The initial part of the aorta, the ascending aorta, rises out of the left ventricle, from which it is separated by the aortic valve. The two coronary arteries of the heart arise from the aortic root, just above the cusps of the aortic valve.
The aorta then descends to go down the trunk of the body. The portion above the diaphragm (in the thorax) is called the thoracic aorta and the portion below it (in the abdomen) the abdominal aorta.
As it travels down the posterior wall of the abdomen, the abdominal aorta runs on the left of the inferior vena cava, giving off major blood vessels to the gut organs and kidneys. There are many recognized variants in the vasculature of the gastrointestinal system. The most common arrangement is for the aorta to give off the celiac trunk, the superior mesenteric artery and the inferior mesenteric artery in turn. The renal arteries usually branch from the abdominal aorta in between the celiac trunk and the superior mesenteric artery.
The aorta is an elastic artery, and as such is quite distensible. When the left ventricle contracts to force blood into the aorta, the aorta expands. This stretching gives the potential energy that will help maintain blood pressure during diastole, as during this time the aorta contracts passively.
The abdominalaorta is a region of the descending aorta, originating superiorly as a continuation of the thoracic aorta as it passes through an opening in the diaphragm, and terminating inferiorly as the abdominalaorta bifurcates (divides into two structures) into the left and right common iliac arteries.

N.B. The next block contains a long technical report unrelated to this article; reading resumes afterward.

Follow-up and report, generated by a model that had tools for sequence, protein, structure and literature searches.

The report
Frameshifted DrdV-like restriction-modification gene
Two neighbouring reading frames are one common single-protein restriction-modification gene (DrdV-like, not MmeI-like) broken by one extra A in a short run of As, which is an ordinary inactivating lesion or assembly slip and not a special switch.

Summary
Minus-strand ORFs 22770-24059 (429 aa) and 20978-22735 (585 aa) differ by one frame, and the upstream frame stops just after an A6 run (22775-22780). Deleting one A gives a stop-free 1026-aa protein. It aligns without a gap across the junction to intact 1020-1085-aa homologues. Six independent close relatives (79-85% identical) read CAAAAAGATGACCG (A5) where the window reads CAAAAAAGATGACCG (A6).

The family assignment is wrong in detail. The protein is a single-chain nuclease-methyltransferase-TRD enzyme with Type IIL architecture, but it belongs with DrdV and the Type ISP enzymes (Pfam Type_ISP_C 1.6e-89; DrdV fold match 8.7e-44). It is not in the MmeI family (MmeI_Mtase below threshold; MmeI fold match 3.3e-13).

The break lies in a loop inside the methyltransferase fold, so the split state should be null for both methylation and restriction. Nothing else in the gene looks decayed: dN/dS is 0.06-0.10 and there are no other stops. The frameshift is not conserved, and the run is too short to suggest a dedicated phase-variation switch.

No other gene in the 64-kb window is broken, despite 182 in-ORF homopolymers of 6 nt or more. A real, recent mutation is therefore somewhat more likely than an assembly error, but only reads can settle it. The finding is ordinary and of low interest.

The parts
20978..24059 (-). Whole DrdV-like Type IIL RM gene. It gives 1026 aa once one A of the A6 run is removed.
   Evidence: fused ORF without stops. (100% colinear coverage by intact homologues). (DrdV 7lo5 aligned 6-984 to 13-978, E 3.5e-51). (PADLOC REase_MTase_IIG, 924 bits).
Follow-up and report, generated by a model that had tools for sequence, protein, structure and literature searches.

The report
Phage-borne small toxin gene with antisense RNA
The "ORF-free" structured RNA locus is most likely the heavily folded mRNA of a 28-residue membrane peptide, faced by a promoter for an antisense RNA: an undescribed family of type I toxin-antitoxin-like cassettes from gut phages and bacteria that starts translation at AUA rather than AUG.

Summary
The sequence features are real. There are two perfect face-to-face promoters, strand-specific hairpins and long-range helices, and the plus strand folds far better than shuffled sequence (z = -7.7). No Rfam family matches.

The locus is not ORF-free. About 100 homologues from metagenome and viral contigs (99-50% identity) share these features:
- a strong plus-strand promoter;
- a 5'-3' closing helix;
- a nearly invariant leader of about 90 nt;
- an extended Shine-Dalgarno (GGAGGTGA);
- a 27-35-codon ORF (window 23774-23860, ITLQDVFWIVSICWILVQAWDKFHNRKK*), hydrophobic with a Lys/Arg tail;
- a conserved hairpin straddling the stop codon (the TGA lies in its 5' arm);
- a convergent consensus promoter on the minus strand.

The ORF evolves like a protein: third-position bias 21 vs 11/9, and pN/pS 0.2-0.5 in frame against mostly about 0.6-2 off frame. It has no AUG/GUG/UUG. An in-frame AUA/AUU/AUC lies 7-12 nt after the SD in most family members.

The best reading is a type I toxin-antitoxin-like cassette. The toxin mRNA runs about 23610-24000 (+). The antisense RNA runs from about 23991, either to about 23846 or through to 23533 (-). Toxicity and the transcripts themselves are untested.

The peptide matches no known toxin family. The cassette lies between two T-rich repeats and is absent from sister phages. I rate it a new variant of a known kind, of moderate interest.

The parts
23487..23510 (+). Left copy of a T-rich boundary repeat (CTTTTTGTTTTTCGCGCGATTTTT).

Lateral to the aorta are the inferior phrenics, middle supernal, renal, and ovarian or testicular arteries.
Because the branches from the abdominalaorta are large, the aorta rapidly decreases in size as it courses downward (inferiorly) through the abdomen.
The abdominalaorta is covered, anteriorly, by the lesser omentum and stomach, behind which are the branches of the celiac artery and the celiac plexus; below these, by the lienal vein, the pancreas, the left renal vein, the inferior part of the duodenum, the mesentery, and aortic plexus.
The right is longer than the left, on account of the position of the aorta; it passes behind the inferior vena cava, the right renal vein, the head of the pancreas, and the descending part of the duodenum.
Sometimes one is derived from the aorta, and the other from one of the renal arteries; they rarely arise as separate vessels from the aorta.
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